Land trust to buy development rights in EWindsor Hill section
By Kory Loucks
SOUTH WINDSOR — The Town Council has approved a $100,000 grant to the South Windsor Land Trust to purchase a 2-acre parcel for development rights as part of a three-parcel land deal for open space conservation easements for properties within the East Windsor Hill Historic District.
Pat Botteron, chairwoman of the Open Space Task Force, told the council members that there were three parcels being considered for conservation easements.
Of the three adjoining parcels, 2 acres are owned by the Peck Family, 6.5 acres are owned by the Raymond Family, and 2 acres are owned by the J.E. Shepard Co., for a total of 10.5 acres to have conservation easements.
The parcels are located near the corner of Route 5 and Sullivan Avenue at the northwestern corner of town.
“This property is under development pressure, which is why this is so important,” Botteron said. “This is the gateway to South Windsor,” she said, adding that the land purchase will help to preserve the town’s rural nature.
Paul Oates, a member of the Historic District Commission, agreed, saying purchasing the land for open space “contributes to the feel and look of that area of town… the northern gateway of town,” for a reasonable cost.
Timothy Shepard, of 1909 Main St., told the council members that a couple of years ago a senior housing project was proposed for the 2-acre parcel, which was the impetus for the J.E. Shepard Co. to purchase the property and get it off the market.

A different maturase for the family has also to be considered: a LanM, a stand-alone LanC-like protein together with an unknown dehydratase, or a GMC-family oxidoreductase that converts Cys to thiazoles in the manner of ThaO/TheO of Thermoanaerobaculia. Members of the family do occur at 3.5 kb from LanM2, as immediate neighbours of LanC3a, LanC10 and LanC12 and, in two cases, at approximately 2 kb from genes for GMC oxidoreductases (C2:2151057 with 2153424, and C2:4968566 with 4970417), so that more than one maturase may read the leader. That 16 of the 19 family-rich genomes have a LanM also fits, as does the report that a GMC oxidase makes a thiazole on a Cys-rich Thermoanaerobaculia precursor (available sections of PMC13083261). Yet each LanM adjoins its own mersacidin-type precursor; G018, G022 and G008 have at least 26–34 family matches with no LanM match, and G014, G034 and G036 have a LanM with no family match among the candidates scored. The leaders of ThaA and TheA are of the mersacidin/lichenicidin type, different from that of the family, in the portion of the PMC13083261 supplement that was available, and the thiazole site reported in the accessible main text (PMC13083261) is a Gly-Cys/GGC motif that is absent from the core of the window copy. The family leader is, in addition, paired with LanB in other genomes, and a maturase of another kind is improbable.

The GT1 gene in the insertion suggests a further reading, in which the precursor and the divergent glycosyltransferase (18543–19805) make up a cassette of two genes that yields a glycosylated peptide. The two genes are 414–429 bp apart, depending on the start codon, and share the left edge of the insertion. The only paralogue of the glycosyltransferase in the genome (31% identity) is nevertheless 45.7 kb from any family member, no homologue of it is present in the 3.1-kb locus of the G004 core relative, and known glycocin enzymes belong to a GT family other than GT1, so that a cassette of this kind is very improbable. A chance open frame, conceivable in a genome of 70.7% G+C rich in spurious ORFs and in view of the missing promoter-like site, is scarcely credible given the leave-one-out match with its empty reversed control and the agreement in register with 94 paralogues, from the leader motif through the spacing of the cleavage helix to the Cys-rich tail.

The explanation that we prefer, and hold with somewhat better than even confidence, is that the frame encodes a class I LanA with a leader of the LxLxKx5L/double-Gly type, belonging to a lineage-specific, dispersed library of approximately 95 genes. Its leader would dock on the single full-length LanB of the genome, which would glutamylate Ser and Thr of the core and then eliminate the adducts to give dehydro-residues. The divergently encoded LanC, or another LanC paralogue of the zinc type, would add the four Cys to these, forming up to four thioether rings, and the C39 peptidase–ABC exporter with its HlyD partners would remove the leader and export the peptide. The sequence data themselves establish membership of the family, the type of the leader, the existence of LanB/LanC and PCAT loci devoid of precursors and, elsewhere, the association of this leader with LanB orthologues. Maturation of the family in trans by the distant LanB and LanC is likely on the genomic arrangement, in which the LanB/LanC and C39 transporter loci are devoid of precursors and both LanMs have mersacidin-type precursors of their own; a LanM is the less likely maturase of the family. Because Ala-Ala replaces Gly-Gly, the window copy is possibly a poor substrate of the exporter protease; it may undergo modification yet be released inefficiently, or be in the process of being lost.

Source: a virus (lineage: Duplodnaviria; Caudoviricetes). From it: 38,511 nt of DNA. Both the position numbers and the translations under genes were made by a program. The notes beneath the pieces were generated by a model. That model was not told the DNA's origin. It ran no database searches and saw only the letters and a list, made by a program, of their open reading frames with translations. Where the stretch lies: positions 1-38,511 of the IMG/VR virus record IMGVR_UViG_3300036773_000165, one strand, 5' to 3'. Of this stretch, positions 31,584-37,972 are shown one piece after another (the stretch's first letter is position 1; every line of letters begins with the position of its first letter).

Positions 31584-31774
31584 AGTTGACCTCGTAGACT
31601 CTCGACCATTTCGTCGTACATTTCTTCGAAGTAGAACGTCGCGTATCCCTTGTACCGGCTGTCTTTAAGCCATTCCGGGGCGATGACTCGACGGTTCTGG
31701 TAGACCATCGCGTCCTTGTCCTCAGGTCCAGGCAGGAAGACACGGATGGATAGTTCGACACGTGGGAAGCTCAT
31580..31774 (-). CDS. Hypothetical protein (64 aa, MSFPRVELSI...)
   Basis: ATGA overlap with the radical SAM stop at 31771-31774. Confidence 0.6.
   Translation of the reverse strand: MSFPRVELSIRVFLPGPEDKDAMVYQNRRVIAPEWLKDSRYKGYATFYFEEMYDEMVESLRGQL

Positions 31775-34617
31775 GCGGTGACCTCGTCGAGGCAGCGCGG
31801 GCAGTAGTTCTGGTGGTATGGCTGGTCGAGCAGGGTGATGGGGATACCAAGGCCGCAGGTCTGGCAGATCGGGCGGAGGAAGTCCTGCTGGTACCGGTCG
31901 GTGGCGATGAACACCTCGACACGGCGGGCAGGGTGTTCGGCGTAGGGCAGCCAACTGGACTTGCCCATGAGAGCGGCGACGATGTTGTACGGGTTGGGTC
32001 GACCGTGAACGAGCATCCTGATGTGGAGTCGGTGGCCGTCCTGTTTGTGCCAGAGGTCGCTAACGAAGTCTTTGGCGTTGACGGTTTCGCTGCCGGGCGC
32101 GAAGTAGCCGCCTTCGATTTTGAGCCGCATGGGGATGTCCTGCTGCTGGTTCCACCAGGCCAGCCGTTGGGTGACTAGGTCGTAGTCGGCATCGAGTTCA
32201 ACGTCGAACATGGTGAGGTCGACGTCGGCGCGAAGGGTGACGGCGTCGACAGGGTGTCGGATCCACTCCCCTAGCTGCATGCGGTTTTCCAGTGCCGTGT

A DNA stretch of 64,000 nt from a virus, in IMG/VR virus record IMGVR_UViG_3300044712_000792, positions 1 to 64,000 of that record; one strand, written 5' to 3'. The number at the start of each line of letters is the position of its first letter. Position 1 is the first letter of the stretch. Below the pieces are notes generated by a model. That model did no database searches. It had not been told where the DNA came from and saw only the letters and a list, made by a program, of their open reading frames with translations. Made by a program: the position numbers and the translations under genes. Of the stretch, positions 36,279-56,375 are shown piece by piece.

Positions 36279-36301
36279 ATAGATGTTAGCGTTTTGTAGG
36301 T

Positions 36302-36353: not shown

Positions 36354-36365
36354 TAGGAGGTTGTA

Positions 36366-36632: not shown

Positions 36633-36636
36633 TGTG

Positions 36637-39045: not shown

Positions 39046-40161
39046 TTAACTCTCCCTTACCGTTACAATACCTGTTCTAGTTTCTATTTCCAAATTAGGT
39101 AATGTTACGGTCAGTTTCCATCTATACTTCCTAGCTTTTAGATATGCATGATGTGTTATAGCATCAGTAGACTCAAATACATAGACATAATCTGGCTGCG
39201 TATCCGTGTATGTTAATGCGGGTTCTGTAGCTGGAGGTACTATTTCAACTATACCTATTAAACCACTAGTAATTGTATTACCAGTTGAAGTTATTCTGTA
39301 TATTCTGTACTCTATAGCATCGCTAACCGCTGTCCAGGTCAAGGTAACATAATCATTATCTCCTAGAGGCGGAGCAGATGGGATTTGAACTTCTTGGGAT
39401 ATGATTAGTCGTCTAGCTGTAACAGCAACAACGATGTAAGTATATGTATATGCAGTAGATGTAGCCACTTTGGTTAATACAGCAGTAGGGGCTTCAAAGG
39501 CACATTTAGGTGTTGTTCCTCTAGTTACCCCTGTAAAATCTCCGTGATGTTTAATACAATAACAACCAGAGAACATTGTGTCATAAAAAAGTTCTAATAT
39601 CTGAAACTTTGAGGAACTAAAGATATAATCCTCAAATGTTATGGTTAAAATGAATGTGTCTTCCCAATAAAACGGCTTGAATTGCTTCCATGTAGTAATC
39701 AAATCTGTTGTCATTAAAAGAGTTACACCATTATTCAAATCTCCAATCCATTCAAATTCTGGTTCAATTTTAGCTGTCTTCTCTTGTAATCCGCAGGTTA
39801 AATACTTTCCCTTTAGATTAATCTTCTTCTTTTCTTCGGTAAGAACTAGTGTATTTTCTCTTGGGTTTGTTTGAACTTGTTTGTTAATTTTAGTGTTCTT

The property was purchased for about $100,000, Shepard said.
Town Council member Kathryn Hale said she was in favor of the proposed purchase for economic and aesthetic reasons.
Town Council member Cary Prague said he was also in favor of the land trust purchase.
“I don’t want to see it become a Walgreen’s,” Prague said.
As part of the conservation easement, Shepard said, if the town purchased the land the 2-acre parcel would be conveyed to the Peck family, as long as the Peck family agreed to put the combined 4-acre parcel into a conservation easement.
The Raymond family also has to agree to the conservation easement.
The two properties would continue to be privately owned by the Peck and the Raymond families, but could not be sold to developers for commercial or residential development. The land could be put to agricultural use.
The Town Council unanimously voted to approve the $100,000 grant to purchase the land. The funds would come out of the open space account.
The Town Council also agreed to authorize Galligan and Town Attorney Dunkin Forsyth to execute all documents necessary to fulfill the resolution conditions.
“This is a home run,” Shepard said after the Town Council approved the resolution. “This is perfect for everybody.”
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